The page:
This article was authored by Aersure and was initially published here. Reposted on TLD with permission from the author.
eCommerce businesses tended to prefer air freight for their logistics. But does that still hold true during the coronavirus period where air traffic has plunged?
The coronavirus situation is bringing a devastating blow to the airline industry. With travel restrictions and fears, few people are able or willing to fly, and airlines are losing billions of revenue as the number of flights also taking a nosedive worldwide. While the airline industry is facing an existential crisis, the heat has spilt to the logistics and supply chain sectors. The fewer flights there are, the fewer slots available for air cargo, the less reliable air freights are for businesses and consumers. The decline is due to the lockdown in much of China, impacting impacted Asia Pacific’s supply chain infrastructure. In the first two months of 2020, year-to-year air cargo in China and North-East Asia has dropped 7.3% and 7.8% respectively. As travel restrictions continue and more flights cancelled, we expect air frights will keep decreasing in the short run. As a result, companies and eCommerce vendors relying on air freight won’t be to deliver goods as quickly as before.
There comes the unlikely winner amid this mess: sea freight.
Sea freight rules the waves
Like air freight, sea freight also took a massive blow from the coronavirus fallout. Freight volume has significantly dropped around the globe, costing millions of dollars. Not too long ago, sea freight operators had to launch blank sailings due to the demand shortage. But it is recovering from the initial coronavirus logistics plunge compared to the air counterpart. As production is picking up again in China, the situation will keep improving.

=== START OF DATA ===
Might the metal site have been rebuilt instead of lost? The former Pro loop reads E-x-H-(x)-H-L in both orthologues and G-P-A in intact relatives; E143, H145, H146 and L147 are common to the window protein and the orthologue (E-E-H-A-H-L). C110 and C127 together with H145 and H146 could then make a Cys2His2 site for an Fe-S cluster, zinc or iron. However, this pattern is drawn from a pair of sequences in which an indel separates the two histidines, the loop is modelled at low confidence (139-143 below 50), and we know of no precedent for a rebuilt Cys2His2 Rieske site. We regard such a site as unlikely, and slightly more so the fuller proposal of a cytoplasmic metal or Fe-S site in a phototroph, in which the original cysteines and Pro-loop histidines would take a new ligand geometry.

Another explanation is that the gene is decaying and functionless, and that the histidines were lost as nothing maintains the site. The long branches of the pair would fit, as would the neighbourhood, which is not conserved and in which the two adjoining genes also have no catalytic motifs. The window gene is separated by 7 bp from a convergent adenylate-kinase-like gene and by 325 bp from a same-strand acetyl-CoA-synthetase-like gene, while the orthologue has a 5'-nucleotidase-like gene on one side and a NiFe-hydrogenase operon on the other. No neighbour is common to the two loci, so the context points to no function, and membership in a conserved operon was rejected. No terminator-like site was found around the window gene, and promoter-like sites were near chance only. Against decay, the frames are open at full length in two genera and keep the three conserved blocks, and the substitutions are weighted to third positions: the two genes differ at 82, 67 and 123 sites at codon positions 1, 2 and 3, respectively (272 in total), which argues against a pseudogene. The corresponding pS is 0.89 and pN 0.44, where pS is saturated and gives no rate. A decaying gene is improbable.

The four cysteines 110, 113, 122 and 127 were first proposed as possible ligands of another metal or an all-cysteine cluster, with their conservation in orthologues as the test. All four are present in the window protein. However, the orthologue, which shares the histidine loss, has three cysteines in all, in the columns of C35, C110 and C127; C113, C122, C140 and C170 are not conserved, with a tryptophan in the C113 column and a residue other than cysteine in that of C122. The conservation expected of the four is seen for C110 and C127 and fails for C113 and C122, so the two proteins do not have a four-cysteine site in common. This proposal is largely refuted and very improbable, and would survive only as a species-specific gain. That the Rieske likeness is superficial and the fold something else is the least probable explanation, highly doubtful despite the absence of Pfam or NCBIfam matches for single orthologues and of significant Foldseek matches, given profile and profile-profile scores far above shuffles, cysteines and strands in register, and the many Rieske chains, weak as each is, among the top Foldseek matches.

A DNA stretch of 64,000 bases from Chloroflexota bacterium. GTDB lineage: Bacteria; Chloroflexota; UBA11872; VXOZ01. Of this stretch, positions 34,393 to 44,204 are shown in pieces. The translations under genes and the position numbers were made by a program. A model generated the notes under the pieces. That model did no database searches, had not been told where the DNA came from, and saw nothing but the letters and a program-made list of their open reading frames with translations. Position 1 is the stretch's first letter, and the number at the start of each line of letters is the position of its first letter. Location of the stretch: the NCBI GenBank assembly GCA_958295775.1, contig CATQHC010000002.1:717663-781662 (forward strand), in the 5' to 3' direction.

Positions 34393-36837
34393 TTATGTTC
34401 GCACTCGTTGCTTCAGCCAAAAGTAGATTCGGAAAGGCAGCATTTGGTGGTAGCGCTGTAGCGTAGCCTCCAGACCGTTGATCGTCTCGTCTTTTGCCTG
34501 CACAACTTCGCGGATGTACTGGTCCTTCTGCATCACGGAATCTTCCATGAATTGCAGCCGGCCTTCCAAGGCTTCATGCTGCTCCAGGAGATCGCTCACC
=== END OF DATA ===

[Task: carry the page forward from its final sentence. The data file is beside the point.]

There’s a reason for this gradual recovery: sea freight isn’t subject to air travel restrictions. Air and sea freight are indeed subject to the economic and logistic slowdowns. But there is a distinct difference. Despite the presence of air hauliers, air freight mainly relies on passenger jets. On the other hand, sea freight operators have their cargo ships that are independent of passenger travels. So when countries close borders and restrict incoming passengers, air freight will face a more substantial impact than sea freight. Hence, we can expect sea freight to emerge as a preferred choice.
Traffic restrictions don’t apply on sea freight
As a means to contain the virus, different countries are imposing travel bans. But these bans don’t usually affect shipments. For example, Trump’s travel ban on incoming EU passengers doesn’t include trade and cargo. So the only hurdle is to shipping – whether sea or air. In this case, although sea freight is slower than air freight, it is more secure and widely available. And in uncertain times like this, reliability is critical. It is always better to be sure that a shipment is on the way than to see it stranded in a forwarding centre due to lack of transport.